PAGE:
OLD JOLYON WALKS
TWOFOLD impulse had made Jolyon say to his wife at breakfast: 'Let's go up to Lord's!'
'Wanted'--something to abate the anxiety in which those two had lived during the sixty hours since Jon bad brought Fleur down. 'Wanted'--too, that which might assuage the pangs of memory in one who knew he might lose them any day!
Fifty-eight years ago Jolyon had become an Eton boy, for old Jolyon's whim had been that he should be canonized at the greatest possible expense. Year after year he had gone to Lord's from Stanhope Gate with a father whose youth in the eighteen- twenties had been passed without polish in the game of cricket. Old Jolyon would speak quite openly of swipes, full tosses, half and three-quarter balls; and young Jolyon with the guileless snobbery of youth had trembled lest his sire should be over- heard. Only in this supreme matter of cricket he had been nervous, for his father--in Crimean whiskers* then--had ever impressed him as the beau idéal. Though never canonized himself, Old Jolyon's natural fastidiousness and balance had saved him from the errors of the vulgar.' How delicious, after howling in a top hat and a sweltering heat, to go home with his father in a hansom cab, bathe, dress, and forth to the 'Disunion' Club, to dine off whitebait, cutlets, and a tart, and go--two 'swells,' old and young, in lavender kid gloves--to the opera or play. And on Sunday, when the match was over, and his top hat duly broken, down with his father in a special hansom to the 'Crown and Sceptre,' and the terrace above the river--the golden sixties when the world was simple, dandies glamorous, Democracy not born, and the books of Whyte Melville* coming thick and fast.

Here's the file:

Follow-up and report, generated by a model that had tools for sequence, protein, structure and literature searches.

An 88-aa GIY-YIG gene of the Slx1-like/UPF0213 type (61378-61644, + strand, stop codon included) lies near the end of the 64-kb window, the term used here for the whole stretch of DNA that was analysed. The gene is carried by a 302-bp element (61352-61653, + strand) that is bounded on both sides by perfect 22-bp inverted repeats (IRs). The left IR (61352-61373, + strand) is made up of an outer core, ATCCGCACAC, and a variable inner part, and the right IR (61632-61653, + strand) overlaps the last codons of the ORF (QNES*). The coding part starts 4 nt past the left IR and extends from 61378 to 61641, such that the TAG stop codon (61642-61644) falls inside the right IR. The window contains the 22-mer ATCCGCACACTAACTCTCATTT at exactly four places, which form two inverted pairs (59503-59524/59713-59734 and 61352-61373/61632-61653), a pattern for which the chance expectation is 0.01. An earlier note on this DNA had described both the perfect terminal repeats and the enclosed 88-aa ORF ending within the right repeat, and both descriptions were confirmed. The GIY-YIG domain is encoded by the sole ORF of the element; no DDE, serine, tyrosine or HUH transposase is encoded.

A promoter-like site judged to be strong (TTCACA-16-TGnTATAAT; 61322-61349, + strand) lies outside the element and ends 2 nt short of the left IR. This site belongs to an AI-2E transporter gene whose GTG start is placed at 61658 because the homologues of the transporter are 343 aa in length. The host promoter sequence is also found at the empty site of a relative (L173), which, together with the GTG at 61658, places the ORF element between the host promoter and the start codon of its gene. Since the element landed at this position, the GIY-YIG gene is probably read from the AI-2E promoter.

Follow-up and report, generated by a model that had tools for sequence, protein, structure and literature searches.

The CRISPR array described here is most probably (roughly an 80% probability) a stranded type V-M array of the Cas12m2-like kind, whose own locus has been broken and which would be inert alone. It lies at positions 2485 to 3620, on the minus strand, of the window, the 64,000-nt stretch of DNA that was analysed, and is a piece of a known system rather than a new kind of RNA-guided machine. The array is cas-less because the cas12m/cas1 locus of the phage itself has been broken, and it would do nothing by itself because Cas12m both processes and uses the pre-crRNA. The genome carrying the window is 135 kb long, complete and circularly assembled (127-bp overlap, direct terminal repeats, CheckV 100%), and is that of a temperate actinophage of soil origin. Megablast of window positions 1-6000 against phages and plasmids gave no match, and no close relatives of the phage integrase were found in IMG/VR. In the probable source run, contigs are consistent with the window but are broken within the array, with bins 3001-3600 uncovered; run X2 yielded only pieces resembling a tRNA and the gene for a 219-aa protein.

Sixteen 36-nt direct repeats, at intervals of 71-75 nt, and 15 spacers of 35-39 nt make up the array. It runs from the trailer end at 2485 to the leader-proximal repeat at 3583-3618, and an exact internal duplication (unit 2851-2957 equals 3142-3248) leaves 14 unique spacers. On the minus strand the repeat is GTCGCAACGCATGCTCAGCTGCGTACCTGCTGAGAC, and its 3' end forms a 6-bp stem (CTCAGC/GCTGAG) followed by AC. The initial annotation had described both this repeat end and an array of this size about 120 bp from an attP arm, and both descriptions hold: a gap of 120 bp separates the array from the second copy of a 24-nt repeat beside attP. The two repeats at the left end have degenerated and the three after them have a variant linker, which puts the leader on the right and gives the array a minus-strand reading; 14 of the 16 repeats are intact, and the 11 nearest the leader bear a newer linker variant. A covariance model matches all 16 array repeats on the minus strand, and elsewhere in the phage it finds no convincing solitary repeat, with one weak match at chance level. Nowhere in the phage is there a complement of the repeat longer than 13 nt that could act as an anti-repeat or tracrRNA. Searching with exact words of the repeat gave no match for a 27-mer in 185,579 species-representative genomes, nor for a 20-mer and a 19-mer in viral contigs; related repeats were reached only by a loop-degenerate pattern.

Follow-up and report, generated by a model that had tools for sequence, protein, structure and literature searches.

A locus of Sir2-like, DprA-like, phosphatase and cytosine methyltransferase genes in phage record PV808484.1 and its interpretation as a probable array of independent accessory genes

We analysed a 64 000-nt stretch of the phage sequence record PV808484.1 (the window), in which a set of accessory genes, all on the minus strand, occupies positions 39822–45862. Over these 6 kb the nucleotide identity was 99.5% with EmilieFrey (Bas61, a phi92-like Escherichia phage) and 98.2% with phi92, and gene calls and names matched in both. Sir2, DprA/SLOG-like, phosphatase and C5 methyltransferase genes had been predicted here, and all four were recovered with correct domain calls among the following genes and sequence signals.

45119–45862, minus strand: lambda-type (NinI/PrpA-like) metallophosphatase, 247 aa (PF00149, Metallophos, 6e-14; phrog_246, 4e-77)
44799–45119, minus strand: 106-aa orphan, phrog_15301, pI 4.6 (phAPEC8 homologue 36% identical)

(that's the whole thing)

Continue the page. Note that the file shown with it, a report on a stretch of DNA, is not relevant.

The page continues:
A generation later, with his own boy, Jolly, Harrow-button- holed with corn-flowers--by old Jolyon's whim his grandson had been canonized at a trifle less expense--again Jolyon had experienced the heat and counter-passions of the day, and come